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HPV: 5 Things Every Woman Should Know

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An HPV diagnosis can leave one feeling vulnerable, scared, overwhelmed and even ashamed. So when you take to google to find stories of others dealing with HPV, it can be disappointing to realize that there are not many resources associated with empowering, educating and empathizing with others going through a similar experience. 

At Papillex, our goal is to be that voice. We want to ensure that you have access to informative content, quality supplements, and act as a sounding board for those with HPV (and HSV, too!). Below are 5 things we believe every woman should know about their HPV diagnosis. 

HPV is common and nothing to be ashamed of

Dr. Brene Brown defines shame as an “intensely painful feeling or experience of believing that we are flawed and unworthy of love and belonging”. To break through the barriers built by shame, one must be vulnerable. Vulnerability has the ability to transform fear and shame into belonging and acceptance. 

HPV is nothing to be ashamed of. In fact, nearly 80% of people will have HPV at some point in their lives. However, because HPV is a sexually transmitted infection, there tends to be a stigma that prevents many from talking about the condition. Because of the shame many women feel, it can be tough to find support in our peers as it is not widely talked about. HPV is a virus. Viruses spread. This is a normal part of life, and the more we talk about it, the less shame and stigma we attach to it. Discussing and spreading awareness of HPV takes great vulnerability, but it also brings a sense of belonging to you and those around you going through the same thing. 

Having HPV does not mean you will get cancer.

There are nearly 150 strains of HPV, with about 12 of them being linked to cervical cancer. Having HPV does not mean you will have cervical cancer, but it is important to be aware of your condition and keep up with regular screening, as well as lifestyle and dietary management to prevent disease progression. Talk to your doctor about vaccination, and remember to always practice safe sex by using protection like condoms or dental dams. Though these are not fool-proof, they do help to decrease the chances of transmission. A great practice is to strengthen your immune system through science-backed lifestyle changes like adequate sleep, increased consumption of antioxidant rich foods and powerful supplements like Papillex and AHCC. 

Smoking, excessive alcohol consumption and birth control all contribute to disease progression with HPV. 

We have strong evidence to support the link between smoking and alcohol consumption and HPV disease progression. Birth control is another factor that can actually increase a woman’s risk of cervical cancer. Studies find that for women with diagnosed HPV, the longer they use oral contraceptives, the higher their risk for cervical cancer. The good news is that once birth control is stopped, the risk does not continue.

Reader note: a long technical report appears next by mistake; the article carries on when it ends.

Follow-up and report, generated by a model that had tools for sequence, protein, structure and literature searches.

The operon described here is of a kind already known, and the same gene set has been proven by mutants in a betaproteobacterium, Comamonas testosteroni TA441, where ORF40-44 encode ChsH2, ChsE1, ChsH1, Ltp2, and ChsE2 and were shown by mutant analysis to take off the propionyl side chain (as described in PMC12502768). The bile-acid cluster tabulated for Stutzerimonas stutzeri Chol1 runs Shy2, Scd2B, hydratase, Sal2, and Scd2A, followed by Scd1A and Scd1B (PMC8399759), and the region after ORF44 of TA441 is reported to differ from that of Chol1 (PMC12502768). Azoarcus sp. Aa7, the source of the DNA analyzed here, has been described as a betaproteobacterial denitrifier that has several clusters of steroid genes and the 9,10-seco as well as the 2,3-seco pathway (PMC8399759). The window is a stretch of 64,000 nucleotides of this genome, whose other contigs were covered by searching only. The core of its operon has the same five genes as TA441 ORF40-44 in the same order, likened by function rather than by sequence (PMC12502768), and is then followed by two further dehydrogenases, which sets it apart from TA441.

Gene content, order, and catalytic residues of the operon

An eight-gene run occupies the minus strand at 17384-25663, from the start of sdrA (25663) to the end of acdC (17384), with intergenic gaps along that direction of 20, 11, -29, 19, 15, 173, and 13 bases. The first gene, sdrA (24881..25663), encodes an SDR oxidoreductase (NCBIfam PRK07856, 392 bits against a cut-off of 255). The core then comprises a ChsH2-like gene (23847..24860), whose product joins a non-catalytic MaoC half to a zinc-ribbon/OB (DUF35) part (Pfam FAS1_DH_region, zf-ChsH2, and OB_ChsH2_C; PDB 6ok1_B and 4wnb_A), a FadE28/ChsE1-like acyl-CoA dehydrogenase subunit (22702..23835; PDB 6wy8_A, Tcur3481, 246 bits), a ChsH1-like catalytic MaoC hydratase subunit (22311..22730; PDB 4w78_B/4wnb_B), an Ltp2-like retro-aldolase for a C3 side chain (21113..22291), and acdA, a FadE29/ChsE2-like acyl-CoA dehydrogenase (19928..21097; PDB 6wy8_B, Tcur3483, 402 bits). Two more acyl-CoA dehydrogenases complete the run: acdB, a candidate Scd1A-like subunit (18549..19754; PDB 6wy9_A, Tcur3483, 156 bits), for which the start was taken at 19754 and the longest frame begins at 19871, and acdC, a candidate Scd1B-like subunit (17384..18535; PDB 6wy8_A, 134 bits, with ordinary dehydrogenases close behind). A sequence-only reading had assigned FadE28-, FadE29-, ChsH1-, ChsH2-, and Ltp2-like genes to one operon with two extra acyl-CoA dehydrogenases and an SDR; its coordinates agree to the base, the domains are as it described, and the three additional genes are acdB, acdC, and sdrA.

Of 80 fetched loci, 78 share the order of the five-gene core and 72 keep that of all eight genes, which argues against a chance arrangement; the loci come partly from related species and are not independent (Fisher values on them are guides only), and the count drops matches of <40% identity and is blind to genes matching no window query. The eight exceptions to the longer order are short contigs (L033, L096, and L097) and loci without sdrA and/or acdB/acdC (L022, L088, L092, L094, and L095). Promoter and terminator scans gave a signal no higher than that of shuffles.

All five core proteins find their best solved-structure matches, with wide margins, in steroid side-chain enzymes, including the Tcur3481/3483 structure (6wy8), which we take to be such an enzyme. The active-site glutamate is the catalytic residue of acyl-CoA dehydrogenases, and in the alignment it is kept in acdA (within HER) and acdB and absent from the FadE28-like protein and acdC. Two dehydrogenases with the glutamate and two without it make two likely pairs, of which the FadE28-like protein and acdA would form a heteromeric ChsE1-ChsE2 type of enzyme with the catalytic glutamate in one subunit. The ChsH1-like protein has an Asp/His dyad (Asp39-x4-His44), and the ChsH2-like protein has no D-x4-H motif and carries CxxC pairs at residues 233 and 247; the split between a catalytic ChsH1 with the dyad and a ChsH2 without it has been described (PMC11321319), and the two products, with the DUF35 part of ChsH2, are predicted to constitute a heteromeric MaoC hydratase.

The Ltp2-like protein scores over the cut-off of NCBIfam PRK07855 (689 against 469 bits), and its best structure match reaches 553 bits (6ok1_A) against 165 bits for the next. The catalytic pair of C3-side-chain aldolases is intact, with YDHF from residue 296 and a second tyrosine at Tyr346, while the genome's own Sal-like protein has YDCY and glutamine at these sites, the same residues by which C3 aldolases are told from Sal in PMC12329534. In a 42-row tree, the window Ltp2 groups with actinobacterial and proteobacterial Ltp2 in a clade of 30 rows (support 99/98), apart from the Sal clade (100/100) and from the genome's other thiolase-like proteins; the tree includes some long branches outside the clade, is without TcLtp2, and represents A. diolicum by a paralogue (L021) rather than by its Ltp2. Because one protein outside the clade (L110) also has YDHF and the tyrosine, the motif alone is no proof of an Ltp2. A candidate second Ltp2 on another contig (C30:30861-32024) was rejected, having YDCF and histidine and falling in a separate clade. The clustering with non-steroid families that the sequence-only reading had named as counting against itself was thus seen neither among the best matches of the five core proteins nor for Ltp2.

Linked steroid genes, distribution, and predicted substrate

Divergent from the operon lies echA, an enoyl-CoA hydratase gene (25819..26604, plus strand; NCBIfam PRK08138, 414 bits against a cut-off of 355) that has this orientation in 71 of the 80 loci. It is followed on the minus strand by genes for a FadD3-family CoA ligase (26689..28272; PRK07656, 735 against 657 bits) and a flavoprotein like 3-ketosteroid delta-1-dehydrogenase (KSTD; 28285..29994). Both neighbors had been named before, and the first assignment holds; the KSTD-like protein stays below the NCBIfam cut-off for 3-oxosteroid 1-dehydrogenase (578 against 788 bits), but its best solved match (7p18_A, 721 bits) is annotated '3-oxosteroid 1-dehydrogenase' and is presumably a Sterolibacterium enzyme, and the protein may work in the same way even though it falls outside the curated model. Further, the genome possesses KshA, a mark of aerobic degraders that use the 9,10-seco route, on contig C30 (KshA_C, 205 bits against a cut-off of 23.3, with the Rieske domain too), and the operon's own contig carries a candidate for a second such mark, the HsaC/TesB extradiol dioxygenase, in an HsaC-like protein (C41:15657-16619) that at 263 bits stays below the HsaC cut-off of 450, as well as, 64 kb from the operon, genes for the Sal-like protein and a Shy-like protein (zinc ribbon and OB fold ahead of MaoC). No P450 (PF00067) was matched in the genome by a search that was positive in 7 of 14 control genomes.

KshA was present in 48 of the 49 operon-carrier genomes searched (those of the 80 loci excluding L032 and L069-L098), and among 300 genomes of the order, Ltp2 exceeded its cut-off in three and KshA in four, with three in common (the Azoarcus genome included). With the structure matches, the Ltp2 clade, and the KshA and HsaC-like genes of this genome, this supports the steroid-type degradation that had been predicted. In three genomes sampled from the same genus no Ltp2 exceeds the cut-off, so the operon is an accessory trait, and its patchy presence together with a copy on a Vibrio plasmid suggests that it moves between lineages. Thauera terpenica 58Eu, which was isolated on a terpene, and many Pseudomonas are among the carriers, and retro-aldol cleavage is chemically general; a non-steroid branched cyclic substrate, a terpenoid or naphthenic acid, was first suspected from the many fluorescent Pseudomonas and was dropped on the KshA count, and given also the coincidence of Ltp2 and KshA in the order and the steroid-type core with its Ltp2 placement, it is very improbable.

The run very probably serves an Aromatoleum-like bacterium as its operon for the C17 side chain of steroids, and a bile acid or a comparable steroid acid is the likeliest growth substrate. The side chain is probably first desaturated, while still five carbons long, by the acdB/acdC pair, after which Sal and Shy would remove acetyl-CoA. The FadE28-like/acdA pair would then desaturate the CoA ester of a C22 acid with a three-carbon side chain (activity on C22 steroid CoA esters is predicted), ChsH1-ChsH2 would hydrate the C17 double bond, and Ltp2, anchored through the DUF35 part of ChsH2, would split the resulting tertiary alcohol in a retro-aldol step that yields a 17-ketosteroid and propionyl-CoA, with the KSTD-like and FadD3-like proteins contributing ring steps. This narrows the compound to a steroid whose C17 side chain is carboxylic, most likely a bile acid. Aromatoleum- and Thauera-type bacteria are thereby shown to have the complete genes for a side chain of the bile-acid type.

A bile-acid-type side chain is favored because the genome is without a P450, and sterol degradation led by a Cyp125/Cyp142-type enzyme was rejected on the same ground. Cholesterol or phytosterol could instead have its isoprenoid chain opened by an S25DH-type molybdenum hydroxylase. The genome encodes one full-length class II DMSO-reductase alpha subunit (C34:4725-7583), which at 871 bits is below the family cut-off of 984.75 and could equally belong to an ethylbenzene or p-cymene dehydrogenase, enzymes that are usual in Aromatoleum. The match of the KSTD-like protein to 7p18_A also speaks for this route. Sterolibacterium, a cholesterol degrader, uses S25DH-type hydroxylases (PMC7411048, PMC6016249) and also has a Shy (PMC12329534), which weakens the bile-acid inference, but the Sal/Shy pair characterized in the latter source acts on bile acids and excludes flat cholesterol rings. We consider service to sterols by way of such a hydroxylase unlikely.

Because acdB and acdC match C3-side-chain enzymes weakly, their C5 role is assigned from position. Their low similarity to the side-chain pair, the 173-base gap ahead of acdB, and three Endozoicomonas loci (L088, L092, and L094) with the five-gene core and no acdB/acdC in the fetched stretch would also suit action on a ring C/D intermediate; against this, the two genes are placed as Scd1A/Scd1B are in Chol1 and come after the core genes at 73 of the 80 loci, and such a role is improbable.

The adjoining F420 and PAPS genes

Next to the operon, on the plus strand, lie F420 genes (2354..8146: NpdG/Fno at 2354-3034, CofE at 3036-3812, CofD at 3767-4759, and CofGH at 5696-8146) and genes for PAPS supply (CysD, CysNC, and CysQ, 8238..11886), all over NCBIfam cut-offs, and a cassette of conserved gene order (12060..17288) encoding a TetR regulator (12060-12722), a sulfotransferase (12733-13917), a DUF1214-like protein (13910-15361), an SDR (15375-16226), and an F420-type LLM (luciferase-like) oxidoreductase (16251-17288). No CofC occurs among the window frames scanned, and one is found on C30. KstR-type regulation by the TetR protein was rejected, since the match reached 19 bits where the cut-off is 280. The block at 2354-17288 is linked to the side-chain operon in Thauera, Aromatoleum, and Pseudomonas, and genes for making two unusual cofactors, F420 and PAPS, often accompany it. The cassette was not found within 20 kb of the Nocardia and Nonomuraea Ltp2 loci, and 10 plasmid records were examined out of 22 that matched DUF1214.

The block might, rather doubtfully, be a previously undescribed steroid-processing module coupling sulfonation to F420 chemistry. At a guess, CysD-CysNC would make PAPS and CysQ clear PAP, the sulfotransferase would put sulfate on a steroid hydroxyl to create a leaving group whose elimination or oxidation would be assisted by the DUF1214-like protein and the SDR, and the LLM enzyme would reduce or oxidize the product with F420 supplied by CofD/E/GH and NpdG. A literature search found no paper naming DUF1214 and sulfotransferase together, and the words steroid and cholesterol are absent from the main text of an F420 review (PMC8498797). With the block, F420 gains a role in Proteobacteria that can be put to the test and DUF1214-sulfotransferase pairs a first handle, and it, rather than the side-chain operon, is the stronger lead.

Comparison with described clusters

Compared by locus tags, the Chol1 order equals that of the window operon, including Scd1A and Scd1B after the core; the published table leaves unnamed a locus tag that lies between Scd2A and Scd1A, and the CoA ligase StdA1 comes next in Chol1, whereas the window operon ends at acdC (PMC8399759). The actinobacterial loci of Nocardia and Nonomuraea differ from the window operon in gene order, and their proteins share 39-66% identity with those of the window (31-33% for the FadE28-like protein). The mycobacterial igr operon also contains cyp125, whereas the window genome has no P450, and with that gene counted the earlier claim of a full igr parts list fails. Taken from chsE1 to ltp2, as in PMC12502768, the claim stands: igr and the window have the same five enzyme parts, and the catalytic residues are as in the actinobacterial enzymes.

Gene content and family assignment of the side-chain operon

Talk to your doctor about what this means for you. If you choose to be on an oral contraceptive, ensure timely screening and monitoring with your trusted health care provider. 

Are you ready to respond to HPV?

You don’t need to “watch and wait”, you can often control HPV with diet and lifestyle 

There are many ways to stay ahead of HPV with dietary and lifestyle changes. At Papillex, we strive to find the best available research on diet, supplementation and lifestyle used in the management of HPV. 

Some of our favourite science-backed nutrients are folate, vitamin C, selenium, AHCC, carotenoids and more. We also advocate for a healthy lifestyle with lots of movement, stress-reduction, reduced alcohol and smoking consumption, and getting out in nature as much as possible. These practices can help you to better manage your health and stay on top of HPV. The old “watch and wait” approach is out-dated and leaves patients feeling disempowered. It helps to know you have options.

There are other cancers caused by HPV

Many of us know the risks for cervical cancer, but cancers of the vulva, vagina, penis, anus and oropharynx are also linked to particular strains of HPV. Throat cancer rates are drastically increasing in North America, so it is crucial to be aware of these so that you can get ahead of it. According to the CDC, 90% of both anal and cervical cancers are thought to be a result of HPV. HPV is linked to 70% of vaginal and vulvar cancers and 60% of penile cancers. Up to now, throat cancers were thought to be mostly caused by smoking and alcohol use, but more recent evidence finds that about 60-70% of oropharyngeal cancers may actually be linked to HPV. 

Though not all HPV leads to cancer, prevention and early detection are only possible through adequate screening and remaining informed on your risks. 

Why watch and wait? Head to our instagram and our website for more ideas on how you can take control of your HPV today.

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